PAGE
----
This is an archived blog post from The Acorn.
There are many good ways to argue that politicians should not criticise Army chiefs. But it’s an untenable argument to make in a democracy. It is especially untenable when the criticism comes from the Leader of the Opposition in the Rajya Sabha and is made in parliament. It sounds like an argument that even General (retd) Musharraf will find it difficult to make today across the border in Pakistan. Be that as it may, it is possible to make such an argument with decency, decorum and respect for the politician and the army chief.
Karan Thapar’s argument though is marked by sarcasm towards Jaswant Singh on the one hand, and an attempt to play to the stereotype of military officials being above reproach on the other. The issue was Mr Singh’s criticism of General Deepak Kapoor’s comments on the India-China border dispute (see The Catapult). Given China’s insincerity over resolving the border dispute, it would have been amiss for parliament to give General Kapoor’s injudicious characterisation a pass. By placing objections to the army chief’s formulation on parliamentary record, Mr Singh provided a back-stop in border negotiations. If anything, it was an example of what a responsible Opposition should be doing in parliament. By playing bad cop, Mr Singh saved the government from having to clarify General Kapoor’s remarks.
Mr Thapar, though, should be free to disagree. But sarcastically referring to Mr Singh as ‘Major’ Singh demonstrates nothing more than spite. Jaswant Singh, a former army officer, has never used his military rank in his political life. And indeed, in his autobiography, he writes “My commissioned service in the Army of just about nine years, 15 December 1957 — 22 November 1966, has no place in this narrative”. To cast Mr Singh’s criticism as that of a Major against a General is excessively flippant, excessively spiteful and utterly misleading.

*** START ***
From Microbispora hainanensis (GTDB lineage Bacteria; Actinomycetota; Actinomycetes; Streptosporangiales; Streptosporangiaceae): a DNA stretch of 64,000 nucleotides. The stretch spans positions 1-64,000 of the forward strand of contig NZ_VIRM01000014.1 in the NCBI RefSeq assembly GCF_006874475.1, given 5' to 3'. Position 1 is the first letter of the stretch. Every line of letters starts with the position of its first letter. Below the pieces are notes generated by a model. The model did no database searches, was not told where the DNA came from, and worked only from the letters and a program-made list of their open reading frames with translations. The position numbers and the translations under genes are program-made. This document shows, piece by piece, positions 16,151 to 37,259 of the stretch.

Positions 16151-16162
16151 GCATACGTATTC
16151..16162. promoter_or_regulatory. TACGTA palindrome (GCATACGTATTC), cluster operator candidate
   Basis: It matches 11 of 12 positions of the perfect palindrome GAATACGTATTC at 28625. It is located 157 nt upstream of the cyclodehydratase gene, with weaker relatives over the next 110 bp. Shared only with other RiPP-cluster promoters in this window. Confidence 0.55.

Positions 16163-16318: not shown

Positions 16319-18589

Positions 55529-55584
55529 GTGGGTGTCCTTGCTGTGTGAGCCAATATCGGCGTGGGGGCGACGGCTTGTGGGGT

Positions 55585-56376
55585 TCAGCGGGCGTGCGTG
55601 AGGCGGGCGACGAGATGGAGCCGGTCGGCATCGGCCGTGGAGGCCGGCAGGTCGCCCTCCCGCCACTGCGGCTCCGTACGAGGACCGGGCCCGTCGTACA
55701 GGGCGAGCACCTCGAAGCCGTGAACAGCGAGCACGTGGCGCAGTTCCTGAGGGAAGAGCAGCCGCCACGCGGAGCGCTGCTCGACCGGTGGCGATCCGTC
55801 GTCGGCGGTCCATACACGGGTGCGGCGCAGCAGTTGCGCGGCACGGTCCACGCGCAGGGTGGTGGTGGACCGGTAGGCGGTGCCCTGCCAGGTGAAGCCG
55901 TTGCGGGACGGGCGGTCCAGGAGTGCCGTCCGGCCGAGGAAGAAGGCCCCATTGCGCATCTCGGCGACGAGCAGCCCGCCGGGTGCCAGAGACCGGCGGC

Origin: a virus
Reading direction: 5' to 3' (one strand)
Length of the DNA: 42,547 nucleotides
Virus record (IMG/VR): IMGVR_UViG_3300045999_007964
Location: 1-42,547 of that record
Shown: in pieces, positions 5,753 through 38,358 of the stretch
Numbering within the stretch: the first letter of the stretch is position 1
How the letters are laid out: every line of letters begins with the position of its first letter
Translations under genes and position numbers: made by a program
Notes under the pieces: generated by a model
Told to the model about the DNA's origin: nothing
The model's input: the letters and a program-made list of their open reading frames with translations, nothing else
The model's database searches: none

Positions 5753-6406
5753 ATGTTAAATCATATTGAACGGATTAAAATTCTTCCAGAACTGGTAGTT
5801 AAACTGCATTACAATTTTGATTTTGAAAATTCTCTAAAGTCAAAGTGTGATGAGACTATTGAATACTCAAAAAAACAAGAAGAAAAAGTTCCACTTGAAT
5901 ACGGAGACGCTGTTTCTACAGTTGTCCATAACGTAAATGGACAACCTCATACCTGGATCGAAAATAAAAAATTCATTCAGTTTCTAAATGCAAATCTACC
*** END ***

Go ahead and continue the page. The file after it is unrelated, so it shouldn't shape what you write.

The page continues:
Mr Thapar pulls out a ‘grand argument’ to support his diatribe against Mr Singh: that politicians generally belittle military leaders. Instead of providing meaningful evidence in support of this, all Mr Thapar tells us is that Field Marshal Sam Manekshaw has not been considered for the Bharat Ratna! Perhaps being promoted to the nation’s only field marshal while still in service, and being decorated with the country’s second highest civilian award is not recognition enough, but Mr Thapar makes an unlikely champion for Sam Bahadur. For it was Mr Thapar who broadcast Gohar Ayub Khan casting aspersions on Field Marshal Manekshaw’s integrity. Mr Thapar had then followed it up with an insinuating op-ed in the Hindustan Times. (Journalists, Mr Thapar might contend in his defence, are only looking for a story, the sensational the better. Journalists, Mr Thapar might also contend, need not bother with the ‘dignity’ of the Army chief’s office. Those virtues are for politicians. He’s will be right about journalists, but wrong about politicians.)
Yet, the ‘grand argument’ is a bogey in this case. The issue boils down to, specifically, whether it was inappropriate of Mr Singh to criticise General Kapoor’s comments about the border dispute. And in general, whether it is inappropriate for MPs to criticise military officers in parliament. Even Karan Thapar can’t reasonably make this argument. Hence, perhaps, the sarcasm, spite and misleading framing.
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